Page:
Why deaf people’s views must be heard

3 May 2023

For Deaf Awareness Week 2023, Opencast junior software development consultant John Owens, born profoundly deaf, shares his perspective – arguing that attitudes towards deafness are among the biggest challenges deaf people face.

As part of Deaf Awareness Week, I want to share some facts – not all of them widely known – around deafness and how to communicate with deaf and hard-of-hearing people.

A few things to clear up first. Not every deaf person is the same. Some use British Sign Language (BSL), some can speak – and some can both. Not everyone can lipread, either.

Born deaf

Some 90% of children are born to hearing families, with little or no history of deafness. I was born profoundly deaf and I’m only the deaf person in the family. At the time of my birth, there were no programmes at the NHS to test new-born children’s hearing levels. I went undiagnosed until I was one year old. NHS only introduced hearing tests for new-borns around 2001.

It’s very important to diagnose hearing levels at the time of birth, to help children understand language and communication. Otherwise, it could impact their school education and their ability to navigate a complicated world.

The National Deaf Children’s Society charity supports deaf children and their additional needs. It is also the organiser of the annual Deaf Awareness Week.

Mental health

I’m an advocate for mental health. Not just for deaf people, but everyone in general. Deaf people are likely to experience mental health issues at twice the rate of the general population. Mental health doesn’t stem from being deaf, but from “parental, societal and cultural factors such as communication and attitudes towards deafness” (quoted from NHS England).

It’s important that deaf people have support networks in place like having friends, family where they meet on a regular basis. More information on mental health for deaf people can be found on this NHS blog.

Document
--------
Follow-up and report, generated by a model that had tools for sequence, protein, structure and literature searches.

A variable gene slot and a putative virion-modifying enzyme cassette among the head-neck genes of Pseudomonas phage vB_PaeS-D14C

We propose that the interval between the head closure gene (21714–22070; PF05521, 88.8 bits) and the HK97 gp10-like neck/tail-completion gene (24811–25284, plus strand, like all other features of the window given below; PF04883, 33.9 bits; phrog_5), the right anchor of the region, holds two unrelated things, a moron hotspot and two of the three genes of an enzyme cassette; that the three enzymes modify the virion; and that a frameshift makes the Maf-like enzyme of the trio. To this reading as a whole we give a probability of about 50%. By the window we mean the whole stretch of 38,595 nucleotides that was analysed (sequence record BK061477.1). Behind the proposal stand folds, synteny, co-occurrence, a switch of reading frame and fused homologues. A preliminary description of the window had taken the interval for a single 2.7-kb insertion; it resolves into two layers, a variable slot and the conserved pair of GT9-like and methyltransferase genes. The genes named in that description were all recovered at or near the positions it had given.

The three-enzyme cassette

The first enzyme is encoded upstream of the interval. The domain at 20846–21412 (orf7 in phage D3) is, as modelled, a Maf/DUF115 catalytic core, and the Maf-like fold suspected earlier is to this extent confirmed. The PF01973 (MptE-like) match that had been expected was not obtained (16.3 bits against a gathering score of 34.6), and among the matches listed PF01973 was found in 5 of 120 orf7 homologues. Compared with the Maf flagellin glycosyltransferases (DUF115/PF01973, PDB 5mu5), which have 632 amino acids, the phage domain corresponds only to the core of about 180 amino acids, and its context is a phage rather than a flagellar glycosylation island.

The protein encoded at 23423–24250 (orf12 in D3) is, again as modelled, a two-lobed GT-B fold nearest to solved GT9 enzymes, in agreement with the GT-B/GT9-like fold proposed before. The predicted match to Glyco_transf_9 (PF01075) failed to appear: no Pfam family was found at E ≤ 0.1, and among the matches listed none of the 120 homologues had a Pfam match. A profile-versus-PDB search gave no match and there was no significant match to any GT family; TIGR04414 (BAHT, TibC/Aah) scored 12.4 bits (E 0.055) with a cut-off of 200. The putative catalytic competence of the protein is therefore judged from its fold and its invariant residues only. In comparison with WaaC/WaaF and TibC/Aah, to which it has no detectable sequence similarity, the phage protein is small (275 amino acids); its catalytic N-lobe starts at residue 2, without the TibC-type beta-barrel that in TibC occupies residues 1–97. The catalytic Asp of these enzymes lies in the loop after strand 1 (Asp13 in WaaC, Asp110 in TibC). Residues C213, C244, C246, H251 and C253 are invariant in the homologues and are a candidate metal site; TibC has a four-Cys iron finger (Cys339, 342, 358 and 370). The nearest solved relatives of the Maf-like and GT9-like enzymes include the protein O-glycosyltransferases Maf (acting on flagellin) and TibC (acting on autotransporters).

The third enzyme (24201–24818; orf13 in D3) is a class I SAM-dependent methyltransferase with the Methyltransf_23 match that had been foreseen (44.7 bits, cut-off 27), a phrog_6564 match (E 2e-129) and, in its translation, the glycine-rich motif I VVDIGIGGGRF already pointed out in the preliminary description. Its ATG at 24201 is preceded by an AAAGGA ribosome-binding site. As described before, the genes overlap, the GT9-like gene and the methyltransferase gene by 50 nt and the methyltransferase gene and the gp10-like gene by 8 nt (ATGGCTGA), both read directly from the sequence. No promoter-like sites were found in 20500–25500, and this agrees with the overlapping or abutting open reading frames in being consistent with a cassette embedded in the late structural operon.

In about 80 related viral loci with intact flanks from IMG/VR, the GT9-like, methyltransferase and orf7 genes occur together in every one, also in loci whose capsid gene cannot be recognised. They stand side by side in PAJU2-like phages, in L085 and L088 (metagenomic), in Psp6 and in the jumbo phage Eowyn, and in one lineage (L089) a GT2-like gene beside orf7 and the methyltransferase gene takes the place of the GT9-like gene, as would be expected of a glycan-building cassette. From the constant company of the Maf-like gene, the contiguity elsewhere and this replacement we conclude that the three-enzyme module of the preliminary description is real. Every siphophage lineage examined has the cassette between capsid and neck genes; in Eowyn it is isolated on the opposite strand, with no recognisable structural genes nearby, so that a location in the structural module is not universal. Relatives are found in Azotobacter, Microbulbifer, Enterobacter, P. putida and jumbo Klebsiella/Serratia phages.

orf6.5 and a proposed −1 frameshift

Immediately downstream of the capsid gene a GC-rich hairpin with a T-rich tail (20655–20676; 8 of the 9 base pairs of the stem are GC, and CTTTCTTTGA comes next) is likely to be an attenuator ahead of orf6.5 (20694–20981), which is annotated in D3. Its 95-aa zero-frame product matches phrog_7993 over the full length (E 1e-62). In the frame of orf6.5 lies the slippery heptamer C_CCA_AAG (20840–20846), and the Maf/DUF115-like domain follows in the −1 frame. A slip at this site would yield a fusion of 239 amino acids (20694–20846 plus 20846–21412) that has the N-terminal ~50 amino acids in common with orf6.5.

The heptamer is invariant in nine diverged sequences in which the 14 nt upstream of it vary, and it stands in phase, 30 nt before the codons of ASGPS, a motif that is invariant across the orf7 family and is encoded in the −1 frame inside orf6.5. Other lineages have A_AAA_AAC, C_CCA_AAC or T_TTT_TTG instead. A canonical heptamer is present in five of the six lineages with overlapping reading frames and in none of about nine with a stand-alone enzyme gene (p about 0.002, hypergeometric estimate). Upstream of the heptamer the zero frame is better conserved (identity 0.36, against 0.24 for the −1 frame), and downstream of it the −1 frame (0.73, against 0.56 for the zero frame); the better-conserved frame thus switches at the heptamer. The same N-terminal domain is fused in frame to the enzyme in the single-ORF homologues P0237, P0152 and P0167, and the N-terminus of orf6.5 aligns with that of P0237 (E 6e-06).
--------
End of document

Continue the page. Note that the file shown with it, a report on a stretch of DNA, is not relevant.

Colour photograph of man with glasses
John Owens was born profoundly deaf

Clear communication

Some deaf people use sign language or speech. In my case, I’ve learned to speak when growing up, with support from a local deaf school while attending mainstream school. I know some BSL but I don’t practice it often.

When you communicating with deaf person, please bear in mind with the following guidelines:

  • Ask the deaf people what their preferred way of communication is. Is it BSL or speech? Do they need any reasonable adjustments to help discussion go smoothly?
  • Speak clearly.
  • Room/area should be well lit. It would help deaf people to lip read you or pick up visual clues from your body language.
  • Look at a deaf person when speaking. They may be able to lip read you or pick up visual clues, as above.
  • Please be patient while a deaf person is trying to understand what you’re saying. If they don’t understand what you’re saying for the second time or subsequently, try rephrasing what you’re saying or write it down. There may be a few words they don’t understand on hearing it.
  • Lipreading is not an exact science: it’s pure guess work. Using a combination of lip reading and context (you, meeting agenda, environment etc), we might work out what you’re saying. Lip reading is hard work and it eats up a lot of mental concentration. Deaf people may feel tired after an hour-long meeting trying to understand everyone.
Dinner Table Syndrome

Dinner Table Syndrome was coined by the deaf community. It describes deaf or hard-of-hearing people being left out of conversations at the dinner table, especially over Christmas. I've experienced this before, where I would stare into space, working out conversations. These two articles may help you to understand Dinner Table Syndrome. You may have deaf family members or friends invited over for a meal:

How to beat ‘Dinner Table Syndrome’ this Christmas (2021)
Rebecca-Anne Withey: ‘Dinner table syndrome’ is for life, not just for Christmas (2018)

Opencast and its work

It’s good to be working at an organisation that’s committed to supporting people with any kinds of disability, including deafness. It’s signed up to the government’s ‘Disability Confident’ scheme – and also works with its clients on a range of projects on accessibility, which is great to see. It was particularly good to see that Opencast has worked closely on a platform on health and disability with DWP.

I hope you find this article interesting and helpful for collaborating with your deaf and hard-of-hearing colleagues. If you have any questions, please get in touch.

Find out more about National Deaf Awareness Week.

Photograph of three people sitting on a sofa with a screen above it.
Opencast listens to its people to ensure they're included


John Owens

Junior software developer

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